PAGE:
Lula Reed

1951-1954

  • AllMusic Rating
    8
  • User Ratings (0)
  • Your Rating

AllMusic Review by

Sounding at times like a diminutive understudy for Dinah Washington, Lula Reed had a high-pitched, sassy, spunky voice that was perfect for the King record label's R&B market. This first volume of her complete works presented in chronological order opens with two sides recorded in New York during December of 1951. Throughout this compilation the singer is heard with bands led by pianist Sonny Thompson, under whose name the first four tracks were originally issued. Henry Glover's "I'll Drown in My Tears" became ubiquitously popular after Ray Charles came out with the definitive rendition in 1956. Aretha Franklin, Dinah Washington, the Righteous Brothers, Stevie Wonder, Etta James, Richie Havens, and Blood, Sweat & Tears eventually followed suit, but the evolution of this tune began with Lula Reed. At first her voice was rather shrill, and King's recording engineers often used a bit of reverb to add another dimension to her tonalities. She made interesting little barking noises during the instrumental portion of her frankly sensuous "Last Night," and might have pursued such hedonistic topics even further were it not for her church background, an important aspect of her life that would entirely replace the secular when she gave up professional entertainment in the early '60s. The product of a devoutly religious background in rural Ohio, she initially received instruction from gospel vocalist Professor Harold Boggs. It is therefore not surprising that the first record to appear under her name was King 4590, "Heavenly Road" backed with "My Mother's Prayers." Here Lula Reed asserts her fundamental Christian self, with four-part vocal harmony apparently sung by Sonny Thompson and band. The mingling of sacred and secular actually makes for a pleasant listening experience if one follows the chronology in sequence. Thompson's bluesy piano is exquisite on "My Poor Heart" and "Ain't It a Shame," a fine, slow, reflective portrait of the worldly human condition. "Going Back to Mexico" uses a conga rhythm and three meaty saxophones, creating an atmosphere comparable to Little Esther's "Cherry Wine." Beginning in July 1953, the addition of guitarist Clarence Kenner contributed an extra dose of organic solidity to the already substantial ensemble. By the end of 1953, Lula Reed's voice was sounding less shrill and more down to earth. "Bump on a Log" and "Watch Dog," composed, like more than half the material presented here, by Henry Glover, allowed the singer to articulate her independence. On February 8, 1954, she recorded four more sacred songs, revisiting the gospel roots that had originally led her to become a professional musician. In a rather bizarre and mysterious maneuver, the producers of this compilation have appended what they call a "ghost track." This 23rd selection, which is not printed in the discography or on the album's track listings, is a rebuttal by Sonny Thompson bearing the somewhat defensive title "I Ain't No Watchdog." It begins with a spoken introduction by Lula Reed.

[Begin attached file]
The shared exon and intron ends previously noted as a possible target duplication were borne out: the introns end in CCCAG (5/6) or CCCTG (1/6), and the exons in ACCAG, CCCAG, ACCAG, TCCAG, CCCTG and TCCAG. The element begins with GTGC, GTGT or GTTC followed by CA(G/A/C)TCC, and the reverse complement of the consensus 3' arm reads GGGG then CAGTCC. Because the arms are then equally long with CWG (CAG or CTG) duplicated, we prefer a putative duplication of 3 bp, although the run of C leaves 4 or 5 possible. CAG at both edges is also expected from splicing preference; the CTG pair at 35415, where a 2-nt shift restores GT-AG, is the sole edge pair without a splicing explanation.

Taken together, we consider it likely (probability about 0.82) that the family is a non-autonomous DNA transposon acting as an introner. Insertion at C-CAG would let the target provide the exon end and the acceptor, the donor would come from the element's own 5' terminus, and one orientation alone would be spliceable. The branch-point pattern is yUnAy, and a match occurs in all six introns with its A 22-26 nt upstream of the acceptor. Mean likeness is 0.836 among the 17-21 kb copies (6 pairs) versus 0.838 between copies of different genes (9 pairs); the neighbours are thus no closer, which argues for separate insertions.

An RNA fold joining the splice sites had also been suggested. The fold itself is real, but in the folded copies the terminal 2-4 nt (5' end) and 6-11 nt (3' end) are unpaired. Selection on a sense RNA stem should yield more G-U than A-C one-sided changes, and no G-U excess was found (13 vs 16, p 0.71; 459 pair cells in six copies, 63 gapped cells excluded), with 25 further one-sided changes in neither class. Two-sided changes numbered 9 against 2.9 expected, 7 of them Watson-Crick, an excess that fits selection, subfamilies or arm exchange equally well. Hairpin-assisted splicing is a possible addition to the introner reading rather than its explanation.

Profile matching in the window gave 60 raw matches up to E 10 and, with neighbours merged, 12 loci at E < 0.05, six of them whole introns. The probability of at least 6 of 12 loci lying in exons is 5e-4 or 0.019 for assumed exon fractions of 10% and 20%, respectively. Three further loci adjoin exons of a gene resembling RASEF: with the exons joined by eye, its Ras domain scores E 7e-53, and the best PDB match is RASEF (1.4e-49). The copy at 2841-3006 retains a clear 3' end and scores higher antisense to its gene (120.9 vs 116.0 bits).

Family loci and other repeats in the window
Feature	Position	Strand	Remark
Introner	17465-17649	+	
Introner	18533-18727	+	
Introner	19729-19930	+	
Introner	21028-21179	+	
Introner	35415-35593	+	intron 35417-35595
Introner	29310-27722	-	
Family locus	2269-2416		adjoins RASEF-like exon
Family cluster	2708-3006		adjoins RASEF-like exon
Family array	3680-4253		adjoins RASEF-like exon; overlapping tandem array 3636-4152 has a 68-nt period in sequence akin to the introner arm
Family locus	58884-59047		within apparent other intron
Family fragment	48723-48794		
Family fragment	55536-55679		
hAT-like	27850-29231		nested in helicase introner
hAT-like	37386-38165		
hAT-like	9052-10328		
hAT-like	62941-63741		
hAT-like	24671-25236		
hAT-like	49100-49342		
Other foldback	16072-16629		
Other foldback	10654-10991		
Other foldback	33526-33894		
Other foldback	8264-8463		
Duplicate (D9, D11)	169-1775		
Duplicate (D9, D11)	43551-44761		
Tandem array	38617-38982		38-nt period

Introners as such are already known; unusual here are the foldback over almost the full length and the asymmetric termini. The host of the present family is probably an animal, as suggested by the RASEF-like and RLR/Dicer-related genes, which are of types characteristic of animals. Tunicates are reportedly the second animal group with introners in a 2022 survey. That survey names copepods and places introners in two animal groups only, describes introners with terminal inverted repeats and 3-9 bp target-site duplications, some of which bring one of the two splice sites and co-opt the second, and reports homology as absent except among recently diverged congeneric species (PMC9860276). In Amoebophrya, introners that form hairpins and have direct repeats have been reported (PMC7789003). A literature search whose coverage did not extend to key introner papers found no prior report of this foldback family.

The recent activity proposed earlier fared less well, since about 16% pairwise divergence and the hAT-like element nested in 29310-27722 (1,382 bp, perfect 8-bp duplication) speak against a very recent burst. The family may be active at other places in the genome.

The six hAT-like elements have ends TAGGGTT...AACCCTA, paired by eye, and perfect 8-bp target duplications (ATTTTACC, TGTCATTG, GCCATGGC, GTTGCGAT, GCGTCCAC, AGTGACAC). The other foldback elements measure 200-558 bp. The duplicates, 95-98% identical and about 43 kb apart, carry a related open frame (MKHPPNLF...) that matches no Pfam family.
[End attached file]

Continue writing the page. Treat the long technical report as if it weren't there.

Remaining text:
blue highlight denotes track pick